- The Consumer Price Index rose 5.4% in July on an annual basis
- The IEA cut its 2021 global oil demand outlook by 100,000 barrels a day
- The NFIB Small Business Optimism Index fell 2.8 points to 99.7 in July
Top Three Market Headlines
Consumer Inflation Moderates Slightly but Remains Elevated: The U.S. Department of Labor reported last week that the Consumer Price Index (CPI) rose 0.5% in July from the prior month, a slight deceleration from the monthly rise of 0.9% in June. Versus the prior year, the CPI increased at a 5.4% pace, unchanged from June. The "core" CPI, which excludes the volatile food and energy categories, rose 0.3% on the month, down measurably from 0.9% in June, partly due to a pause in rising prices for used cars, which had boosted the rate in prior months. Compared to the prior year, the core rate rose 4.3%, down slightly from the 4.5% increase reported in June.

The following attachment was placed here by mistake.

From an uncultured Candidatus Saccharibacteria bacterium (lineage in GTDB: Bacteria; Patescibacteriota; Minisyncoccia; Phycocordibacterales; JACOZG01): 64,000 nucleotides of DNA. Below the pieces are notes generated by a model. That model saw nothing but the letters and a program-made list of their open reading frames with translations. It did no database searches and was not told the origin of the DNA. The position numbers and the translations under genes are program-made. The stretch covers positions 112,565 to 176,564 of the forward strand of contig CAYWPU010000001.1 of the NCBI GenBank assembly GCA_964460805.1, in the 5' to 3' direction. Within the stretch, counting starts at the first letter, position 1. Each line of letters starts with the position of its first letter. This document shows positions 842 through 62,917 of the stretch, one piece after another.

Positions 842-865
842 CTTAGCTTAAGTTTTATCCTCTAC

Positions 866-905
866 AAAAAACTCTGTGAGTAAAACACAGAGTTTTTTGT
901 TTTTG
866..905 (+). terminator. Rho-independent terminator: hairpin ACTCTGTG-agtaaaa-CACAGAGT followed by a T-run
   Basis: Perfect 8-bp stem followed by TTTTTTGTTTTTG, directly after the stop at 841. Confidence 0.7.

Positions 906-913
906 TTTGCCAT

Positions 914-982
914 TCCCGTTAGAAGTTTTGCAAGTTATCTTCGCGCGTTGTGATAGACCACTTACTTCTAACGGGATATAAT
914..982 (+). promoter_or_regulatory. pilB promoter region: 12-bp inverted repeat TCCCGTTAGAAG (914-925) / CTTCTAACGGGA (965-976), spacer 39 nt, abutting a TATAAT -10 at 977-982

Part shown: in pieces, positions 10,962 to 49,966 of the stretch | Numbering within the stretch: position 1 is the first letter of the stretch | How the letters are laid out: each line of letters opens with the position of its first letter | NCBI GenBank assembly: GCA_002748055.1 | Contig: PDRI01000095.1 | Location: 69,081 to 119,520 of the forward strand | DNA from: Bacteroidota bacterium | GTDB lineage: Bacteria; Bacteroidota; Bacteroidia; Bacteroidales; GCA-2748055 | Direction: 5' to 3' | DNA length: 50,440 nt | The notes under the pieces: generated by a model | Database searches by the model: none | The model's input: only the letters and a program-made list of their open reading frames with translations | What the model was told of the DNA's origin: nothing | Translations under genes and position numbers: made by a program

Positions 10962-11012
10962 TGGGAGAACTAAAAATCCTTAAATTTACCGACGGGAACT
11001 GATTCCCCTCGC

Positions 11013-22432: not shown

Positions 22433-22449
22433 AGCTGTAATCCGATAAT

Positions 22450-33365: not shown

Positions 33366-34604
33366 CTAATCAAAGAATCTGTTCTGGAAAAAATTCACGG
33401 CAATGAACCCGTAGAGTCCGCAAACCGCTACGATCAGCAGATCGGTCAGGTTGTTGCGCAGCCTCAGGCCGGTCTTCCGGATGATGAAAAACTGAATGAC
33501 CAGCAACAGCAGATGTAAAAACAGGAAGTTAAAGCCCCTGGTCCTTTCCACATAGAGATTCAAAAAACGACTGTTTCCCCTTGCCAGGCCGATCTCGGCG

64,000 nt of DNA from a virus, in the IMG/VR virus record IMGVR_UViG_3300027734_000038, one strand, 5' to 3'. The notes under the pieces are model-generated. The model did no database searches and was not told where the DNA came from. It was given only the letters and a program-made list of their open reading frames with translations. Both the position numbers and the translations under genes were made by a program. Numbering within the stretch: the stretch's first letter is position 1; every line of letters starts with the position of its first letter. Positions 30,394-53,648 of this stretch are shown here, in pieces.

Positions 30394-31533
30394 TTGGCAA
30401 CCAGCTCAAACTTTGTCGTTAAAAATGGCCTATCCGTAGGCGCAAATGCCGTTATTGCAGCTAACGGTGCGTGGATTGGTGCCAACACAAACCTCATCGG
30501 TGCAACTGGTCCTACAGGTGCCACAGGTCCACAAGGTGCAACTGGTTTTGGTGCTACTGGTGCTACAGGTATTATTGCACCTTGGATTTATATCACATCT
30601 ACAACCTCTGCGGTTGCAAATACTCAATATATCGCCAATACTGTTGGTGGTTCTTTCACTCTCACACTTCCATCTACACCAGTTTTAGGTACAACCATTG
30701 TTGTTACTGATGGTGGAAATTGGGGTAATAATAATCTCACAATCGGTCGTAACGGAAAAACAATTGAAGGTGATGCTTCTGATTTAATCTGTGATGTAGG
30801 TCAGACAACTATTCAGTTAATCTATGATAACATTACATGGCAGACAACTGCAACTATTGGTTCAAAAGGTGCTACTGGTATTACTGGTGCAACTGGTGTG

IEA Downgrades 2021 Global Oil Demand Outlook: The International Energy Agency (IEA) last week downgraded its 2021 global oil demand outlook by 100,000 barrels a day on account of the Covid Delta variant that has led some countries to re-impose restrictions on economic activity. The IEA now expects demand to be shifted into next year, and accordingly upgraded its 2022 forecast by 200,000 barrels a day. At that projected pace, global oil demand would return to its pre-pandemic highs in the second half of 2022. The dampened 2021 forecast comes as the price of oil has fallen in recent weeks, with West Texas Intermediate crude oil futures prices closing at $67.65 per barrel last week, down from a nearly seven-year high of $75.25 in mid-July.
Small Business Sentiment Retreats in July: After posting strong results in the prior month, optimism among small business owners in the U.S. dipped in July, according to the National Federation of Independent Business (NFIB). The NFIB Small Business Optimism Index, which is based on surveys of small business owners, fell 2.8 points to 99.7 in July, retreating from its eighth-month high of 102.5 in June. Labor and inflation remained the top concerns of business owners, according to the July survey; 49% of owners reported struggling to fill job vacancies and 38% of owners raised wages to try to fill open positions.